Packed six-bit characters
Packed six-bit characters is a method used by Norsk Data to create compact character strings. Each character is encoded in 6 bits, and a string is composed of 6-bit characters packed into a continuous bit stream, and stored in a number of 8-bit bytes or 16-bit words, right-aligned so that the least significant bit of the last character is the least significant (or rightmost) bit of the last byte or word (words are big endian on ND).
The character encoding is as follows:
|6-bit value||Character||7-bit ASCII value|
|0x01 - 0x1F||"A" - "_"||0x41 - 0x5F|
|0x20 - 0x3F||<space> - "?"||0x20 - 0x3F|
To convert a 6-bit character to ASCII, add 0x40 to the value if the 6-bit value is above 0 but below 0x20, otherwise use as ASCII (or ignore if value is zero).
The BRF format, i.e. compiled, non-linked ND-100 object code, stores symbols in packed 6-bit characters. These symbols are called S-groups. The symbol may be stored in two 16-bit words for BRF files generated by MAC and NPL, and contain up to 5 characters, or stored in three 16-bit words for BRF files generated by language compilers like FORTRAN. In the latter case the maximum symbol length is 7 characters, even though technically there is room for 8 characters inside 3 words (16*3 = 48, and 48/6 = 8).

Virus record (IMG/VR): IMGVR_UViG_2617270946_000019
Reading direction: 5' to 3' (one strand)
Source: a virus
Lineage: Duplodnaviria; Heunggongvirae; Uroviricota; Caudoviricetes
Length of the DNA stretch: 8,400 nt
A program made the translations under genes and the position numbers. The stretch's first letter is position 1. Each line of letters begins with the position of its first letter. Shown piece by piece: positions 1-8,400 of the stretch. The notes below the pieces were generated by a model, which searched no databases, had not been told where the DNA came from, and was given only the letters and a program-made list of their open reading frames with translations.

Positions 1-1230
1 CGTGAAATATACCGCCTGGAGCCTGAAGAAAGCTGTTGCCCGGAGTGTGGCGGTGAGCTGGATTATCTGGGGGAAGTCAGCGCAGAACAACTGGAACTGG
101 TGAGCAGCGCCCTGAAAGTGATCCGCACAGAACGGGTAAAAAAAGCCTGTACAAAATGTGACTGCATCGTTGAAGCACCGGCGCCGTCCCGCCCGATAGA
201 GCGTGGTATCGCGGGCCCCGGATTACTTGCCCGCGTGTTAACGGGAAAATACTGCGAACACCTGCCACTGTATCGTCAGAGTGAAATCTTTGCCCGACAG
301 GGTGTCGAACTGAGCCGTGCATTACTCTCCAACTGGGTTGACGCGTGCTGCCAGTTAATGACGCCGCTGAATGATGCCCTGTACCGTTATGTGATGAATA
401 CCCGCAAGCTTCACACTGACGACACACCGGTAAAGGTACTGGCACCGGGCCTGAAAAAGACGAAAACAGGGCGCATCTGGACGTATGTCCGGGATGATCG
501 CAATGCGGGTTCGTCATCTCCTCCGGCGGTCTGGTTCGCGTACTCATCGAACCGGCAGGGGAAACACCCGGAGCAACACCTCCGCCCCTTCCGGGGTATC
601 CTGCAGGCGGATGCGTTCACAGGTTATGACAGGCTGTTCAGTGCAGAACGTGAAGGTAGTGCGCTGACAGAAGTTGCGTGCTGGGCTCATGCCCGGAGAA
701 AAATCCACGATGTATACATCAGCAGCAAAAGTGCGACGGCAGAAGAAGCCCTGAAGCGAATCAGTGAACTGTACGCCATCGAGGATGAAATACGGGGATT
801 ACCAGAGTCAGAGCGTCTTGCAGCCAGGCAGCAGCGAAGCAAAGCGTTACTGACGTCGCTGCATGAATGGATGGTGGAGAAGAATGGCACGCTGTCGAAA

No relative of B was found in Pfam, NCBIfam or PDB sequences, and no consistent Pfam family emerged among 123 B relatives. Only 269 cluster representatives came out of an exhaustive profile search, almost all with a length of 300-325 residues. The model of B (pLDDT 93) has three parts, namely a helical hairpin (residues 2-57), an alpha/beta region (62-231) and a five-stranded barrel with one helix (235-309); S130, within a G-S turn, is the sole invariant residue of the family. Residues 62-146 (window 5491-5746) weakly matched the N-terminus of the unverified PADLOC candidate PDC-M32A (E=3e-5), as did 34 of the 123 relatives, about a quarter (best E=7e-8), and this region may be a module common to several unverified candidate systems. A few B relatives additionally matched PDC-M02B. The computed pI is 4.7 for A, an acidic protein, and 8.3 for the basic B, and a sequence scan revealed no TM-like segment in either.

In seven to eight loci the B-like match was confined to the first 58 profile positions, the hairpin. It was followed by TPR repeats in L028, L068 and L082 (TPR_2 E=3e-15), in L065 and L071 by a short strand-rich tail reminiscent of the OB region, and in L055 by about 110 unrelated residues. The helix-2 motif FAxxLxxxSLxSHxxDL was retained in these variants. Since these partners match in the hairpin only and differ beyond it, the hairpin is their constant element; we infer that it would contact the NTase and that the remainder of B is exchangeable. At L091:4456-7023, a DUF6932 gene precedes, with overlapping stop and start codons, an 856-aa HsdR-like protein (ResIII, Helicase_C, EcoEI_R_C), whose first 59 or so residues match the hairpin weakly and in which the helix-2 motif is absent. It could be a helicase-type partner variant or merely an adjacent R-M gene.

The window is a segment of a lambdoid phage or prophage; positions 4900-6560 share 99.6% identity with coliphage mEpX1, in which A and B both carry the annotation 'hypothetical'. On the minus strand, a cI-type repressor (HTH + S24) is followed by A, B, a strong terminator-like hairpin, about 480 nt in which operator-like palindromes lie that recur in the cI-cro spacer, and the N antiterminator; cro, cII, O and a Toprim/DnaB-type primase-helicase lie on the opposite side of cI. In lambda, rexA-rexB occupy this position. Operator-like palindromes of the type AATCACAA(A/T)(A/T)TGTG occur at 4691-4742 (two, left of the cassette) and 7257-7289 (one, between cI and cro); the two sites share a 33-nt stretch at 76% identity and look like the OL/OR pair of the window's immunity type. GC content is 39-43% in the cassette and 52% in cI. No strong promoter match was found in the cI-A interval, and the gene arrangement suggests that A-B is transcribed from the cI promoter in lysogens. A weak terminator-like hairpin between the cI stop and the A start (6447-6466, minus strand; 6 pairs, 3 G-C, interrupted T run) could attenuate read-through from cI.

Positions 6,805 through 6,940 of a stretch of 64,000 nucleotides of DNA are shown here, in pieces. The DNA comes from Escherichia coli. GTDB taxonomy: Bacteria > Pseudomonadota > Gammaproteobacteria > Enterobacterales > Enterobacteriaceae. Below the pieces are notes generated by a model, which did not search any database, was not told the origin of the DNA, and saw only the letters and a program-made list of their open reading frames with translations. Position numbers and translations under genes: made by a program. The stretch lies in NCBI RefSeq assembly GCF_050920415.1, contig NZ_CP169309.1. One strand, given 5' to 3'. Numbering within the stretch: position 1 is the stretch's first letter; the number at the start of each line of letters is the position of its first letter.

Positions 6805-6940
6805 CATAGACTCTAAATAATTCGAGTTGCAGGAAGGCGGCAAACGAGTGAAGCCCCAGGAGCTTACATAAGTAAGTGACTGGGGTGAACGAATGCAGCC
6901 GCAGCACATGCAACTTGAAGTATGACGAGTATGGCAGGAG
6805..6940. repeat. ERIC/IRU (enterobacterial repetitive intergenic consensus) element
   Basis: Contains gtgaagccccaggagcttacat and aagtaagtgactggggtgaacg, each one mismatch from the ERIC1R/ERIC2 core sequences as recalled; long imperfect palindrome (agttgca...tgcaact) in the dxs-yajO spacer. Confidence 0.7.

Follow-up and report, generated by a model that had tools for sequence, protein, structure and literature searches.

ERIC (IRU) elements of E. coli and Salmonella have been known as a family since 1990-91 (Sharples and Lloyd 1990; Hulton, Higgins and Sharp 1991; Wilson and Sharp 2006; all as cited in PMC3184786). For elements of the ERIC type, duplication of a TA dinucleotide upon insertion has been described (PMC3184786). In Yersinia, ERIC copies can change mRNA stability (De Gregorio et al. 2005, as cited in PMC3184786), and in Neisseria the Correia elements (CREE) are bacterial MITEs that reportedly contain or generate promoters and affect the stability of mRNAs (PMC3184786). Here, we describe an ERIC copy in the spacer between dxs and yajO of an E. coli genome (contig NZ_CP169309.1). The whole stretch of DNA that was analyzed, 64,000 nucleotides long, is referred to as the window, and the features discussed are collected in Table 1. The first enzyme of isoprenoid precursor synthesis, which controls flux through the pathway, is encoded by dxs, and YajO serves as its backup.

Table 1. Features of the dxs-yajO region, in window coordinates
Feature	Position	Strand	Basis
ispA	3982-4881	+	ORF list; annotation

The 6-bit characters are always packed and right-aligned so that the last character terminates at the end of the last word. For strings shorter than the maximum length the leading 6-bit field(s) are encoded as value 0.
- String 'AB5DE' encoded as short S-group (2 words) or long S-group (3 words)
- The ASCII values are 0x41 0x42 0x35 0x44 0x45
- The 6-bit values are 0x01 0x02 0x35 0x04 0x05 (ref. translation table above).
- Translated to binary:
000001 000010 110101 000100 000101
- Encoded in two 16-bit big endian words (short S-group):
- Note how the two first bits are always padding and not part of the first character.
- In case of a shorter string, 'B5DE', the encoding would be:
- 'AB5DE' encoded in three 16-bit big endian words (long S-group):
0000000000000000 0000000100001011 0101000100000101